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Pirls findings point to a lame-duck minister of education and a generational catastrophe

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Baxolile Nodada is Member of Parliament for the Democratic Alliance and is the Shadow Minister of Basic Education.

The Pirls results from 2016 showed that 78% of Grade 4 children couldn’t read in any language. This week we learnt that that number had escalated to 81% in 2021, wiping out a decade of progress.

Tuesday this week was one of the most frustrating days of my life. As the Shadow Minister of Basic Education, I am used to listening to long presentations by the minister and the director-general telling us all the wonderful things they are doing in education.

But Tuesday was different. They were releasing the results of the latest round of an international reading assessment, the Progress in International Reading Literacy (Pirls). You see the thing with surveys of achievement is that they don’t care what you say you’ve done, they just measure what children actually know, and what they revealed was devastating. 

Even before Covid-19 we knew we had a reading crisis. The previous Pirls results from 2016 showed that 78% of Grade 4 children couldn’t read in any language despite being in school for four years — about 800 days of schooling.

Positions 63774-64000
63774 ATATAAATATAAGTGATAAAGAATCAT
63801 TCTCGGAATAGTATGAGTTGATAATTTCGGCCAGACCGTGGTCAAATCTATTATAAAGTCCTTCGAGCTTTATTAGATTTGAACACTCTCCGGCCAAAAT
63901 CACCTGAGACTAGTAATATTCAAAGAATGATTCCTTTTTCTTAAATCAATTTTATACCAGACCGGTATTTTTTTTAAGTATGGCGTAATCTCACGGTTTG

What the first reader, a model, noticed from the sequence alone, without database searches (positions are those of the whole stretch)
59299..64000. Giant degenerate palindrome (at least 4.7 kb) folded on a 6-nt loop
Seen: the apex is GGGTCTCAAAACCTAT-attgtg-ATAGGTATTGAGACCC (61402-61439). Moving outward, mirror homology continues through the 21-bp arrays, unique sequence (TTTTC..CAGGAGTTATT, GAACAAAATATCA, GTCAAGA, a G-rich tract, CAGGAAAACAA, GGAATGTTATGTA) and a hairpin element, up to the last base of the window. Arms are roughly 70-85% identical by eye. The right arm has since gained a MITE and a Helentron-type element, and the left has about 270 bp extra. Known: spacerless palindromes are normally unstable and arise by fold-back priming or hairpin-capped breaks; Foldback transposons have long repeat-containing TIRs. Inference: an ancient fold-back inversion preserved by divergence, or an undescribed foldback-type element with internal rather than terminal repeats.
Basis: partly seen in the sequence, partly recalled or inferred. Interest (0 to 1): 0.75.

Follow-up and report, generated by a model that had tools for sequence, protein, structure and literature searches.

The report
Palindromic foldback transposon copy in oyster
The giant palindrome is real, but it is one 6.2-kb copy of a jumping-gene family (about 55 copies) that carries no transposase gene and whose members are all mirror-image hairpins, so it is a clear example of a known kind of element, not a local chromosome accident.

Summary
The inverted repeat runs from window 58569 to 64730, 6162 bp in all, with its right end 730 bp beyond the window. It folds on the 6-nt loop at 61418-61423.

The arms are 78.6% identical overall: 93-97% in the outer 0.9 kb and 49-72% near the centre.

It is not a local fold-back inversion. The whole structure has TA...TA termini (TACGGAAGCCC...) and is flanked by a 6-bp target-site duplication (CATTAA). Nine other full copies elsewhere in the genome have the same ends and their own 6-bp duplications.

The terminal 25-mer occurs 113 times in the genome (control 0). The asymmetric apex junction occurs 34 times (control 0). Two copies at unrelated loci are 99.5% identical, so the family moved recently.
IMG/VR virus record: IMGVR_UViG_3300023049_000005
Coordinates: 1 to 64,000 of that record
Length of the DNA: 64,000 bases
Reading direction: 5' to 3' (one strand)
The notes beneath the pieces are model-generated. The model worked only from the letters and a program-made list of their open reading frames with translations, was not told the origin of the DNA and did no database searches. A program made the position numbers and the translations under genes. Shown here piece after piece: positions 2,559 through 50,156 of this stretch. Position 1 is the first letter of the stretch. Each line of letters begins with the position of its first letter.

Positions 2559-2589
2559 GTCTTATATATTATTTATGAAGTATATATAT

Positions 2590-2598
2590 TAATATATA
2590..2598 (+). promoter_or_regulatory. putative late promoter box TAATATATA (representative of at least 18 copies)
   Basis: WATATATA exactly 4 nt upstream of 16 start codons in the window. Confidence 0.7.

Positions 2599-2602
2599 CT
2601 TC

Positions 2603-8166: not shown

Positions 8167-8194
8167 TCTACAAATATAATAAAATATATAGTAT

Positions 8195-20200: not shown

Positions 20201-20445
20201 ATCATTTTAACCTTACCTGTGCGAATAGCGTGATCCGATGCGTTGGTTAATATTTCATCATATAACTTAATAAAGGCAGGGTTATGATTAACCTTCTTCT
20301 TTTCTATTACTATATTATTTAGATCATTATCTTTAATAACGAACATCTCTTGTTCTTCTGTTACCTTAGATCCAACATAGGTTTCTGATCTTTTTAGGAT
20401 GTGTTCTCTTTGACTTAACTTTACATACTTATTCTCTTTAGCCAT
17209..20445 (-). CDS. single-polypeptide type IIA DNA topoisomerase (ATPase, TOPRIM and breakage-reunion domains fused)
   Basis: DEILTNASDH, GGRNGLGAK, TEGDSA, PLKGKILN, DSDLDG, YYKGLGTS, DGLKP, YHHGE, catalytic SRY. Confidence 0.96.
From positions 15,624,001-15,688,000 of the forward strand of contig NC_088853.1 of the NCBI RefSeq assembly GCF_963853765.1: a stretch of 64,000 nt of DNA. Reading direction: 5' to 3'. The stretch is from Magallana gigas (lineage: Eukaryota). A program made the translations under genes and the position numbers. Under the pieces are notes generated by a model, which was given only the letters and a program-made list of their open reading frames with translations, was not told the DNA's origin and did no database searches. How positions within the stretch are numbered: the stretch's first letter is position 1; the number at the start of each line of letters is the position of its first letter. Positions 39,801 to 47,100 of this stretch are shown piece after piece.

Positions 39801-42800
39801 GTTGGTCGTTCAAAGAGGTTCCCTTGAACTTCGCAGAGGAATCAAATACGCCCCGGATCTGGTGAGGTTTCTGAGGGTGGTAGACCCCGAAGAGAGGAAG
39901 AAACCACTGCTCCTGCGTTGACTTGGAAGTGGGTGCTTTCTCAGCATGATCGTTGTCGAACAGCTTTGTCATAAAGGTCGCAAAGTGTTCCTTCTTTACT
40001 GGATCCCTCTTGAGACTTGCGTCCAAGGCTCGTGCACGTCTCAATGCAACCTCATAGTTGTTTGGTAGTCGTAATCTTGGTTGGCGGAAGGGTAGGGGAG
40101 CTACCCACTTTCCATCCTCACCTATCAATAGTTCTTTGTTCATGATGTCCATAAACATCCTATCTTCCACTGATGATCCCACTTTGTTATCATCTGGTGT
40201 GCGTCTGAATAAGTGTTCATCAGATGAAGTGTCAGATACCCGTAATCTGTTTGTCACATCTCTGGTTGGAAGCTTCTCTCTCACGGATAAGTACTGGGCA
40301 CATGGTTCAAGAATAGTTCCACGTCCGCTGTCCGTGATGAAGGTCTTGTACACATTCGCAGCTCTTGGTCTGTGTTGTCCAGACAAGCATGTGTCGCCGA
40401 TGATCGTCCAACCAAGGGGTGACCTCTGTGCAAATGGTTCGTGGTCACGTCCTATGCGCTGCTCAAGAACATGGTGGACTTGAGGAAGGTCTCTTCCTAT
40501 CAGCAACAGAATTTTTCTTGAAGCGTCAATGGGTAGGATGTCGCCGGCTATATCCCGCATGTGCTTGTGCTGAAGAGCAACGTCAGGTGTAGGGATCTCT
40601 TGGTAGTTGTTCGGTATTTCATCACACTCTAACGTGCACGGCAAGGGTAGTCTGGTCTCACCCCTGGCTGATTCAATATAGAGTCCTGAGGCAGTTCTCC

On Tuesday we learnt that that number had escalated to 81% of Grade 4s that could not read in any language in 2021, taking us back to 2011 levels of achievement and wiping out a decade of progress. 

Read more in Daily Maverick: International study shows most Grade 4s in South Africa cannot read for meaning

It is also very concerning that 56% of Grade 6s can’t read for meaning at a Grade 4 level. 

It’s true that the main reason for these learning losses is because of the global Covid-19 pandemic. All countries experienced the largest shock of a generation, yet why is it that of the 33 countries in Pirls, South Africa had the largest decline in reading achievement? 

The reason is twofold: we closed schools for too long, and we didn’t have a plan to support learners while they were shut. 

Firstly, we had two years of school closures and rotational timetables with no support to no-fee learners then or now. The 2019 General Household Survey showed that only 9% of South Africans had an internet connection in their homes. It turns out those are also richer households who send their kids to fee-charging schools (public and private).

So learners who go to one of those schools (as mine does) had some ways for teachers to try and teach remotely using Zoom. These schools and families were also better equipped to try and keep learning going while face-to-face attendance wasn’t possible.

But what about the 75% of learners in no-fee schools? For them, if they weren’t at school they weren’t learning. Those learners lost 50% of their school days in 2020 and more than 25% of their school days in 2021. Is it any surprise that when you close schools and do nothing that learners’ education goes through the floor? 

Expert guidance ignored